19 Stenotic Femur Avoid cement (stem too small) Cementless modular
Expansion osteotomy Difficult 1° THA

20 THA In Femoral Deformity Diaphyseal
Distal to implant Ignore deformity Treat independent of THA

21 THA In Femoral Deformity Diaphyseal
Short implant or resurfacing Long implant / osteotomy Two stage (correct deformity, heal, THA)

22 THA In Femoral Deformity
Individualize Management Level of deformity Type of deformity Bone quality Patient factors Surgeon preferences

23 Bone Defect Classification and Common Surgical Exposures
David A. Mattingly,MD Chief, Joint Reconstruction Director, Otto Aufranc Fellowship New England Baptist Hospital Boston,MA

24 Femoral Revision THA Principles Rotational implant stability
Rigid implant fixation Stability with range of motion Restore Femoral Integrity & Continuity Prevent and/or Augment Bone Loss Restore Biomechanics (leg length; offset)

25 AAOS Classification Femoral Deficiencies
I. Segmental II. Cavitary III. Combined Segmental & Cavitary IV. Malalignment V. Stenosis VI. Discontinuity

26 Paprosky Classification

27 Adequate Exposure in Complex THA
Aids in Component Removal and Re-Insertion Accuracy of Instrument and Component positioning Reduces incidence of fractures and perforations Bone grafting procedures easier, faster, more accurate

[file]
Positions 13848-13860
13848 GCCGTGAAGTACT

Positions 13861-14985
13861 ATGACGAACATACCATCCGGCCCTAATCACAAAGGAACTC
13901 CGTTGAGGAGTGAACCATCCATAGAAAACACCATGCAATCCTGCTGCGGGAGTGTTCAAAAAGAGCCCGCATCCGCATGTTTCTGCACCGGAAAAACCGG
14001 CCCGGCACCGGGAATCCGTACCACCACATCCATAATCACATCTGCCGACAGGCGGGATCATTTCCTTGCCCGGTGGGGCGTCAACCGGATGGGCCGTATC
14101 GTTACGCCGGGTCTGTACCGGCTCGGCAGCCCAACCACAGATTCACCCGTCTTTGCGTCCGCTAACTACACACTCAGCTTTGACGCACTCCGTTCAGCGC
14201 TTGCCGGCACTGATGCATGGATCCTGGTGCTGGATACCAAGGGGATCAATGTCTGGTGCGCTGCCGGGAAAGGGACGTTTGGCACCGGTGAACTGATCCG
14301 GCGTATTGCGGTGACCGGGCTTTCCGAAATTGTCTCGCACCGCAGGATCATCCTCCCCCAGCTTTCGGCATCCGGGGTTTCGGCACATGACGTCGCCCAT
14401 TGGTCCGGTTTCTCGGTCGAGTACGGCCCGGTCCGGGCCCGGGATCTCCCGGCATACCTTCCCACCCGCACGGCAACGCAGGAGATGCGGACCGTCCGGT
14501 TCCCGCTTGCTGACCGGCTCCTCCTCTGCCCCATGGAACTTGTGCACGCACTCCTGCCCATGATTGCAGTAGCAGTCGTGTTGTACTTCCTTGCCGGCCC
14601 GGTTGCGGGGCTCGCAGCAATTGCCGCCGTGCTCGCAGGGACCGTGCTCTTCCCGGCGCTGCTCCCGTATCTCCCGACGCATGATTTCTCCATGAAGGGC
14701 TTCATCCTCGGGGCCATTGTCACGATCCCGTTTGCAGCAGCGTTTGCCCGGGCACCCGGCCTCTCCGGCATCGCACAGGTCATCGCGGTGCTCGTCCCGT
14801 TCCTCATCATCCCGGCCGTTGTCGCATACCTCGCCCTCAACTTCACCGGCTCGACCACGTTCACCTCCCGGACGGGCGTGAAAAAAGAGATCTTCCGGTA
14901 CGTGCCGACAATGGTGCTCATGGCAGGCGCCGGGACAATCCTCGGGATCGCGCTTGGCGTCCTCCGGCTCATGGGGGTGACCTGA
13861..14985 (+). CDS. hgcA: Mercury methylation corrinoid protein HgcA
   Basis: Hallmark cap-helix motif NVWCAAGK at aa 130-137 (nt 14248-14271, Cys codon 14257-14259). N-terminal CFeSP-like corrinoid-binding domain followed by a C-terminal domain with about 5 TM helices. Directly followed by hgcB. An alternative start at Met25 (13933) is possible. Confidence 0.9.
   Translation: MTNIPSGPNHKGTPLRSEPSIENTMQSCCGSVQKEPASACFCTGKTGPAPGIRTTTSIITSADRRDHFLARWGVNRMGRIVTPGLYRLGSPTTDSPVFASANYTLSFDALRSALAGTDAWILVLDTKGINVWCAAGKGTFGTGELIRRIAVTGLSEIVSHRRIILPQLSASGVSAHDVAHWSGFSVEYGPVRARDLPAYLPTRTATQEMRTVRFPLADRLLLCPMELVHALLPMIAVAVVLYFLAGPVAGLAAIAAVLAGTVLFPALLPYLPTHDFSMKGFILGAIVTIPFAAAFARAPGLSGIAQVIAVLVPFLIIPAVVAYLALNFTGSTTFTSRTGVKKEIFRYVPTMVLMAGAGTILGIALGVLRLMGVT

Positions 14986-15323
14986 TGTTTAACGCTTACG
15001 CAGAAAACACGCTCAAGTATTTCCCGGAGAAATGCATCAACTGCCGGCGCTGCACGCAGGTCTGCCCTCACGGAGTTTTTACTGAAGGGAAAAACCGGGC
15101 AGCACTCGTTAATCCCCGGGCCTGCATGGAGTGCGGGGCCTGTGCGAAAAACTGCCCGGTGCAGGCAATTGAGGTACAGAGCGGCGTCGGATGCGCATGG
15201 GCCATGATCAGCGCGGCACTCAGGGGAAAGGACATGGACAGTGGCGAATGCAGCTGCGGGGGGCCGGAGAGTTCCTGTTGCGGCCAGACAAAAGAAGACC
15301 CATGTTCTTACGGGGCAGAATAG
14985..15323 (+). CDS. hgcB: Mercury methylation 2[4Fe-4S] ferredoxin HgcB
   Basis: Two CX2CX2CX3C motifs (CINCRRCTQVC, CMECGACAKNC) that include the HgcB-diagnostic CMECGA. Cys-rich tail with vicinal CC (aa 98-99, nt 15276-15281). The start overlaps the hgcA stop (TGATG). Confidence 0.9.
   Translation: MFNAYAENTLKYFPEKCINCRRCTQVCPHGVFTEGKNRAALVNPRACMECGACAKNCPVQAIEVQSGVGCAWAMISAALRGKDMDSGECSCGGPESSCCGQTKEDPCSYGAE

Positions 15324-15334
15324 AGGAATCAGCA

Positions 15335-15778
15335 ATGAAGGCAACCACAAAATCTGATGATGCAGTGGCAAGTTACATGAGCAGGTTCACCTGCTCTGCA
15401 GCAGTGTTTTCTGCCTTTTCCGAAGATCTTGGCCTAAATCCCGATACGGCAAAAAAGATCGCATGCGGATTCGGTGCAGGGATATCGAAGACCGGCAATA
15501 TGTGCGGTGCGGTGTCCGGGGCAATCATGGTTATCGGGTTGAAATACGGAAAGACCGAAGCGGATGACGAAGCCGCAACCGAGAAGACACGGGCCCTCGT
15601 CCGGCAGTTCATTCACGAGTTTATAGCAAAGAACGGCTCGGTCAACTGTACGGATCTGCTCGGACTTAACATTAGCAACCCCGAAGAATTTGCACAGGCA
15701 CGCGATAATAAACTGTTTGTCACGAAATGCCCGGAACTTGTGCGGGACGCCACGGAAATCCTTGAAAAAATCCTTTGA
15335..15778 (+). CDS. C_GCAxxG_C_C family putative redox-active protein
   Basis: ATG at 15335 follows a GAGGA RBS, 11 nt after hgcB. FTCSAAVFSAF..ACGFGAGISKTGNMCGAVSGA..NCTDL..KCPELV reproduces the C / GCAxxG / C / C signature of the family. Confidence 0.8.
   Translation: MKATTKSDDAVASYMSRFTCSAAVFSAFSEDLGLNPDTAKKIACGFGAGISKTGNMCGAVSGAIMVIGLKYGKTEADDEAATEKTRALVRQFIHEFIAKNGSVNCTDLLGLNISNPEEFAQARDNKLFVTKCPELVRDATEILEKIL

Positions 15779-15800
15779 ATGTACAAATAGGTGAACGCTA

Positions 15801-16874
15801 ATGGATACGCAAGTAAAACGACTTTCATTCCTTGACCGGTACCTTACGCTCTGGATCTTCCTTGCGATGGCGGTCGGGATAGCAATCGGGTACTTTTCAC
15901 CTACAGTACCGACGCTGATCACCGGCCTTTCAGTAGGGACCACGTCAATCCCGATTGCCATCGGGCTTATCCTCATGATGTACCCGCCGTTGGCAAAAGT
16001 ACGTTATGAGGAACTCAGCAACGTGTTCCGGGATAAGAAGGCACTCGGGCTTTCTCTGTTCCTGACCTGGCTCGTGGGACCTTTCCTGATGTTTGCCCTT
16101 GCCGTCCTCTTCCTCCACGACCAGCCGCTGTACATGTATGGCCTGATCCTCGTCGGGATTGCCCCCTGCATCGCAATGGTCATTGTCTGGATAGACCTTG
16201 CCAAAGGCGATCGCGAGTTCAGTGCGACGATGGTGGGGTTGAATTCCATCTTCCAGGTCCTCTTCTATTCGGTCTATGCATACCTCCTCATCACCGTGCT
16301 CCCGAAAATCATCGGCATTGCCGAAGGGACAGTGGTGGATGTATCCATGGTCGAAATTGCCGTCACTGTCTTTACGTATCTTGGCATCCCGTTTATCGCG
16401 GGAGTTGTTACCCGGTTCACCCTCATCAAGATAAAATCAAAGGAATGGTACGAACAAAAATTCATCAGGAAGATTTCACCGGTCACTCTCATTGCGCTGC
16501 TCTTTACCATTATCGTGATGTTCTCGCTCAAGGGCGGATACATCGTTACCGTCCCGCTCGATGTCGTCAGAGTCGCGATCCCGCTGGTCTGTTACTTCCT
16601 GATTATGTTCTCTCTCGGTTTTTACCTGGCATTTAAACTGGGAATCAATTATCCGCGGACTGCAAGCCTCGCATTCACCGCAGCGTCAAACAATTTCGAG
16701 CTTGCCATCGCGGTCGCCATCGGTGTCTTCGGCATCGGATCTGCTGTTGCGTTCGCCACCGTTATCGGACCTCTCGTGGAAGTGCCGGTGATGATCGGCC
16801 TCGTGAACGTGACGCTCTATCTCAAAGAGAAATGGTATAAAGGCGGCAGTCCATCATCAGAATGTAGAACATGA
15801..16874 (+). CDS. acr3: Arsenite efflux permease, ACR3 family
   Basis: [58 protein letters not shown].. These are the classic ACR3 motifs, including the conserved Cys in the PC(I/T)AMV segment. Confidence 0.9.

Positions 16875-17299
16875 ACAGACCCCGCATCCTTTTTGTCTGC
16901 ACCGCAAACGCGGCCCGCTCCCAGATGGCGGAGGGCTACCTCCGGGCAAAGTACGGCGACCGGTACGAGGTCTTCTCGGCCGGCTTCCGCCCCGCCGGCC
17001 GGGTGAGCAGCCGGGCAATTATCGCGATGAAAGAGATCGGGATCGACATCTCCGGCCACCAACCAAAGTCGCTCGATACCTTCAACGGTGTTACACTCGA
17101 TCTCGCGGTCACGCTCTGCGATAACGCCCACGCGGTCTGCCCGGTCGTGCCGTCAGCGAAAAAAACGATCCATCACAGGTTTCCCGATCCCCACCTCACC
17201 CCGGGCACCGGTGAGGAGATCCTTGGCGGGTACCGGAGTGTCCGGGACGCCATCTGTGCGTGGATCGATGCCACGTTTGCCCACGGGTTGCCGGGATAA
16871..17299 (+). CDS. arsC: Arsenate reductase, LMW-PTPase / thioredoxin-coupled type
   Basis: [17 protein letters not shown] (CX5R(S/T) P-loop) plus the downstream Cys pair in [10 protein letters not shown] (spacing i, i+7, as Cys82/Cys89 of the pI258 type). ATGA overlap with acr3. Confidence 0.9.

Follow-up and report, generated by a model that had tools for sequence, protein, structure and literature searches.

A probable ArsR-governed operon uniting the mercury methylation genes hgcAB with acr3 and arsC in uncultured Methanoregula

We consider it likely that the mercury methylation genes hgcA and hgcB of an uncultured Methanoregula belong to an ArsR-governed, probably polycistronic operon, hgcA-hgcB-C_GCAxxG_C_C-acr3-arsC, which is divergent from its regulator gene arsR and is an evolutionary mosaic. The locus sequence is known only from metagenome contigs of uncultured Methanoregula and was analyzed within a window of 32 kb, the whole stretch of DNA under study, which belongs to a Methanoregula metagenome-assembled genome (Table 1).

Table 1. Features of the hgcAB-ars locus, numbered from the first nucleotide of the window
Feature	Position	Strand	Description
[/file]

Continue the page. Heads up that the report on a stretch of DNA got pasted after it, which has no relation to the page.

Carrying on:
28 Extensile Lateral Limitations: Post-column, retained trochanter, limp, H.O., lengthening retained trochanter, limp, H.O., lengthening Improved femoral exposure Reduces need for femoral fluoroscopy Perforations further weaken compromised femoral canal Indications Most complex THA’s Less instability Sepsis Postop irradiation

29 Posterior Excellent exposure, minimal muscle damage, fast rehab
Easy to make extensile (soft tissue releases; femoral or trochanteric osteotomies) Retained trochanter limits distal canal access (>180 to 200 mm) Increased risk posterior dislocation Indications Most acetabular/femoral revisions Posterior column plating Complex THA

30 Trochanteric Osteotomy Advantages
Allows extensile acetabular exposure (cages; posterior plating) Improves distal femoral access Decreases fractures, perforations, varus Assists in limb lengthening (>1.5 cm) and shortening (5-10 mm) Advancement improves M-F tension & stability

31 Extended Trochanteric Osteotomy Indications
Well fixed implants (cement; porous) Well fixed cement Extensive Trochanteric Lysis Trochanteric Overhang/Varus Remodeling Malalignment Proximal Femur

32 Extended Trochanteric Osteotomy Advantages
Excellent exposure femur/acetabulum Atraumatic implant/cement removal Decreased perforations, fractures Deformity correction Protection of compromised trochanter Predictable healing

33 Distal Oblique Femoral Osteotomy
Facilitates distal cement removal (>200 mm) Re-directional 60o angle improves rotational stability, maximizes contact, allows cerclage wiring ( Miller, et.al )

34 Retroperitoneal (Turner, Camer)
Stage III - IV Protrusio Extruded medial cement IVP, venogram General, vascular surgeon